Ilha Brava

Tags: Cape Verde, Ilha Brava, Nova Sintra, sailing

Date: November 23, 2016

Ilha Brava was the last island we visited in Cape Verde. Here is a map of our route through the country:

We anchored in a bay on the west side of the island. The trip from Santiago was done as an overnight sail. It was too long to do during the daylight hours of one day, so sailing overnight allowed us to arrive in the morning with daylight.

Approaching Brava:

We spent the first day here resting and doing some chores on the boat. After dark, I went for a dive. There were lots of fish and there was a vertical wall from the surface to over 30 meters in some places. So it was a great place to dive. I also saw the first shark of our trip. It was a harmless nurse shark. We have seen them in other parts of the world in the daytime, where they are mostly resting. But at night they are active, searching for food.

It is greener here than the other Cape Verde islands we visited. We went for a long walk up through the river valley to the town of Nova Sintra.

The valley had lots of vegetation, some of it crops. Here you can see sugarcane (the flowering plants):

The view down the valley towards the bay where we anchored:

There was a tiny village in the valley and several other houses spread out:

Big spiders in webs suspended over the path between trees of each side of the path. Mostly the webs are positioned high enough for us to go under but once in a while we would have to duck under the webs:

Another cultivated area at the top of the valley:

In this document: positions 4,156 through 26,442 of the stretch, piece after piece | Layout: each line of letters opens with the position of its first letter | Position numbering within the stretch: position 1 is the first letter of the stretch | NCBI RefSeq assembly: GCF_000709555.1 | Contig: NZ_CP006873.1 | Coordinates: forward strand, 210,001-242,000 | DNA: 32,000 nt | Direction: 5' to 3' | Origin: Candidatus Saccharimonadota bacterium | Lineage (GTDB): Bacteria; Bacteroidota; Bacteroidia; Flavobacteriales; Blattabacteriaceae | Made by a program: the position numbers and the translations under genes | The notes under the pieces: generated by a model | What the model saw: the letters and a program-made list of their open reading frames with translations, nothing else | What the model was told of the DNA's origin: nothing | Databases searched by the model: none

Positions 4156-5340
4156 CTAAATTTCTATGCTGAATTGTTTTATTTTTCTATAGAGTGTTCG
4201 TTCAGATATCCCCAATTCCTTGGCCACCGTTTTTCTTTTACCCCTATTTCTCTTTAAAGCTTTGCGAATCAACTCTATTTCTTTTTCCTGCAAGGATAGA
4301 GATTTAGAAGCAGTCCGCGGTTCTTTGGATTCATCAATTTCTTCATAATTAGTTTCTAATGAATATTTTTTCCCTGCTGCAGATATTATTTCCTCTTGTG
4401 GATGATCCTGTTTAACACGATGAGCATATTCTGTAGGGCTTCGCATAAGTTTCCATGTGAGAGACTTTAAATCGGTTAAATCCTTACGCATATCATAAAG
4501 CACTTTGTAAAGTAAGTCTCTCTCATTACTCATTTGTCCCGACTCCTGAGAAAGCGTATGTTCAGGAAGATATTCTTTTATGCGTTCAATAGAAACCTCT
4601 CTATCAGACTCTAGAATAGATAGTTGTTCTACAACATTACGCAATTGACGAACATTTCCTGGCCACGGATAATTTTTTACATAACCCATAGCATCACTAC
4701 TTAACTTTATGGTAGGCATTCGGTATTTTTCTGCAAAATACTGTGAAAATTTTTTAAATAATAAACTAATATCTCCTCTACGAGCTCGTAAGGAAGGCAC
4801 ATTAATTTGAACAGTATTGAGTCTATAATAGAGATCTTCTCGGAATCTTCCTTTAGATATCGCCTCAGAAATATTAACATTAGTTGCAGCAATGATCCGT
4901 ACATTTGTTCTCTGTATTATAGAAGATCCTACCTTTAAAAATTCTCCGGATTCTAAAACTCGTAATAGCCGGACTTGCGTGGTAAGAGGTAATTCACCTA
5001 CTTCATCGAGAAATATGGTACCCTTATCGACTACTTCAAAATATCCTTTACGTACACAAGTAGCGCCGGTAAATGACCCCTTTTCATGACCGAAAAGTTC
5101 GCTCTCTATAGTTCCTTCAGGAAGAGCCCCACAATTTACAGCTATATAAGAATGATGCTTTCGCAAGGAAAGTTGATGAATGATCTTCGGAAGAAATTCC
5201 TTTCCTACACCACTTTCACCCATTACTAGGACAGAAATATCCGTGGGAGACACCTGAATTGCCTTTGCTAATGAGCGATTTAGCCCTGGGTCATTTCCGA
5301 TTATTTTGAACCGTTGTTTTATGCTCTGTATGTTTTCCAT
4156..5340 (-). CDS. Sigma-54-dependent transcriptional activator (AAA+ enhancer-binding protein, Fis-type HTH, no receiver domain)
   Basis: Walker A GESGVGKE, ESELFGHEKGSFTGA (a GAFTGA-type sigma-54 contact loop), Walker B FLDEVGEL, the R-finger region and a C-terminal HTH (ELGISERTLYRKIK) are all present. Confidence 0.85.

Finally, we made it all the way up the valley to the road on the plateau on top of the island:

This is the outskirts of Nova Sintra:

Donkey carrying water:

Isn't it cute?

The central square of Nova Sintra:

We really enjoyed Brava. There were no tourists, so everybody were friendly and nobody was trying to sell us anything. The downside was that we didn't find a restaurant, so had to eat granola bars and crackers for lunch.

On the way back to our bay, we followed the road around the mountains instead of the path through the valley.

This part of the island had no inhabitants:

It must have been a lot of work to build this road. As most other paved roads in Cape Verde, it is paved with cobblestones. Some places had a lot of material removed to accommodate the road:

In this part of the island, the rocks appear to be sandstone. It is probably volcanic ash that was compressed over time:

Here is a view of the airport:

You may wonder why there are no tourists when there is an airport? Well, the airport didn't work out too well: It was opened in 1992 and closed in 2004 due to continual problems with strong winds. Maybe someone should have asked the local fishermen what the winds were like in that region before they built the airport. The little experience we have from mountainous islands like the Canary islands and here is that the winds can change suddenly and dramatically close to shore: sometimes it is calm and sometimes it is very windy. So we are always careful when sailing behind tall islands.

Our bay is the one right behind this outcrop:

Here we are:

Almost back to the bay, here is the church:

Notice the road that we came down behind the church. Again, it must have been hard work building it.